So is it the consumer or the consumed? When posts are driven by how many likes they they’ll get relative to the user’s assumption of how their their photo will be received it’s no wonder then that the selfie culture proliferates because, evidently, it’s the only way to gain traction (especially in the modeling and fashion worlds). Case in point…
Here I am at dinner with my boyfriend, only you can’t see him in the photo because I asked him to take it and I’ve realised that when I post photos with him I don’t get enough likes so as much as I love him he can no longer feature on my Instagram feed.
Or: I went to a beautiful gallery today but instead of showing you a picture of my favourite piece of art, here’s a picture of me outside the gallery wearing my new $1000 coat which is obviously way more culturally important anyway.
Or: There were so many inspiring speakers at tonight’s event but forget them, here’s a #selfie on me in the bathroom instead because I got sent a new lipstick, do you like it?
The sad truth is this is the kind of thing young people engage with on social media. The even sadder truth is that most of them fail to question it.
I actually don’t know what’s worse; the individuals who feed our #selfie generation with crap or the millions of young people who obsess over their existence with the kind of idolisation that should only be reserved for people who actually deserve it. It’s alarming to think that most 20-year-olds probably know more about the Kardashians than they do about their own governments. What does this say about about our generation?
With more freedom of choice than ever before, and the world at our fingertips online, it’s unsettling most of us still choose fiction over fact, and we most certainly still choose ourselves over others. The Instagram #selfie is the ultimate symbol of modern day narcissism and its effectively smashing the sincerity of youth into oblivion.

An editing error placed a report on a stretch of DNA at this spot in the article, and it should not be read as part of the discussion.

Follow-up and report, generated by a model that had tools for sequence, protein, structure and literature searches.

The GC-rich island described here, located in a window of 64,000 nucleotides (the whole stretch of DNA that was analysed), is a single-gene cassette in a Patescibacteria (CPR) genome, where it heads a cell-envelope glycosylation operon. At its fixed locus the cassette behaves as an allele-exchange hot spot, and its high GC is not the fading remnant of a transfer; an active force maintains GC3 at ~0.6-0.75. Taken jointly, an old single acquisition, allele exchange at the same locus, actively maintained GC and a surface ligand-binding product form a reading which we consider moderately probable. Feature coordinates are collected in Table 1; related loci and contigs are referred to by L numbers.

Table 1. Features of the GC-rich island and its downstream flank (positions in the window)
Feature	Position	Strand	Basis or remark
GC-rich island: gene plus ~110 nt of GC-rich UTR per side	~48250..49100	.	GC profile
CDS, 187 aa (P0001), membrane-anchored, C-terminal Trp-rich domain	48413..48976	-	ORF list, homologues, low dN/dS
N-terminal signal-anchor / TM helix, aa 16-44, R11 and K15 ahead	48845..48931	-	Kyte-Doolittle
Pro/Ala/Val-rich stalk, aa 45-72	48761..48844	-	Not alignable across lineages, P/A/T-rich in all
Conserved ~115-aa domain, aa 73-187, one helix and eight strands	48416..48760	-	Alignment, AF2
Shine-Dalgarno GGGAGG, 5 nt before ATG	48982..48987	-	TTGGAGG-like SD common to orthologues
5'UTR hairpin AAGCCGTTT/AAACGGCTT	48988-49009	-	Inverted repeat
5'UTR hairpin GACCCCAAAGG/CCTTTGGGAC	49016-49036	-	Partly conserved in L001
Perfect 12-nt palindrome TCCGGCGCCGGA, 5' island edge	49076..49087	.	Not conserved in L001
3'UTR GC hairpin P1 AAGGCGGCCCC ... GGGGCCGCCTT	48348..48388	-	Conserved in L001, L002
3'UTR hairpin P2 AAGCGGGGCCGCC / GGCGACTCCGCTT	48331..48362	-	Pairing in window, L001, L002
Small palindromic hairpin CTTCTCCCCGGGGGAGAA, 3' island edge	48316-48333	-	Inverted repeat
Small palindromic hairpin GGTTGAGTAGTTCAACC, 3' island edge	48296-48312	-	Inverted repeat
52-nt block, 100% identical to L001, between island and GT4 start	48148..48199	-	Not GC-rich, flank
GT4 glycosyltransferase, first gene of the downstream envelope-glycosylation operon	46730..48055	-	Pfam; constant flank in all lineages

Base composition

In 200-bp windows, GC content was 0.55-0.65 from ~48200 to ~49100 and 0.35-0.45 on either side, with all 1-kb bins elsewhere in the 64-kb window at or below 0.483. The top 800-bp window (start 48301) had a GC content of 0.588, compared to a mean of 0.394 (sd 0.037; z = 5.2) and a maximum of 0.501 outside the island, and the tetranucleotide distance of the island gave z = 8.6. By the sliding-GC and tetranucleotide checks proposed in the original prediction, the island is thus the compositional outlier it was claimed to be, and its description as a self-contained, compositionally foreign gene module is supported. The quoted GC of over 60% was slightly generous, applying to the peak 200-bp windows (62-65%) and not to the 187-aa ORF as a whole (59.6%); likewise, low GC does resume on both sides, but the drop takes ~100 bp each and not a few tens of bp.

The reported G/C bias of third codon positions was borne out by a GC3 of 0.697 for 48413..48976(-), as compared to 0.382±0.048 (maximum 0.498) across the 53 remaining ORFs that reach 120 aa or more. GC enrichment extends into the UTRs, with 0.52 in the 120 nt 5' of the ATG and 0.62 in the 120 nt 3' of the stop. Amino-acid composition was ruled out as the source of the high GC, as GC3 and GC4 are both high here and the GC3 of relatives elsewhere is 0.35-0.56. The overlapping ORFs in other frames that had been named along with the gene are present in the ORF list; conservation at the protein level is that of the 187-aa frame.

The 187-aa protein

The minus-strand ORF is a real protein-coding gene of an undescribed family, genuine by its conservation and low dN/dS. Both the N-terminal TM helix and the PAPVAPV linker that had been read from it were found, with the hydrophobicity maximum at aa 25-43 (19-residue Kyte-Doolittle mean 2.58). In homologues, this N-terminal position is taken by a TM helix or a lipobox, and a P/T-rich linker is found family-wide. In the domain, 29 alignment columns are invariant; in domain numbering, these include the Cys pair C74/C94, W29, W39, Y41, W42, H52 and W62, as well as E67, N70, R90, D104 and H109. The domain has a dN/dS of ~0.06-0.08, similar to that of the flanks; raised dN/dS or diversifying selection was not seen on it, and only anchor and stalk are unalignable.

But let’s take a step back.
What if the conversation were different? What if the #selfie became #selfless? What if the dialogue of new clothes, perfect pouts, green smoothies and Nike sneakers gave way to a collection of genuine emotions, shared authenticity, acts of kindness and humbled gratitude? What if instead of objectifying ourselves we started objecting to the bullshit? What if we started having a voice? What if those with social media pull started talking about the issues that really mattered? What if instead of just superficially aligning with a charity and sharing a picture, they actually used their influence to change behaviour and create change?
Social media has the power to change the world, and that means you have the power to change a generation.
If this article leaves you with anything, at the very least question your social media habits and forgodsake don’t believe everything you see. Try taking a break and deleting your apps for a week. Dedicate the time you spend scrolling through your Instagram feed to reading an article in The New Yorker. Post pictures because it’s a beautiful moment, don’t manufacture a beautiful moment or take a selfie to validate your worth. Use social media to empower you. Make it social, not selfish. Choose your role models wisely; follow the game changers and the inspired leaders. But most of all be authentically you – the world will be far better off for it.
As for me, I’ve deleted my Instagram app. I’ll be back though, albeit with a very different news feed.
I guess it really is true what they say. Ignorance is bliss.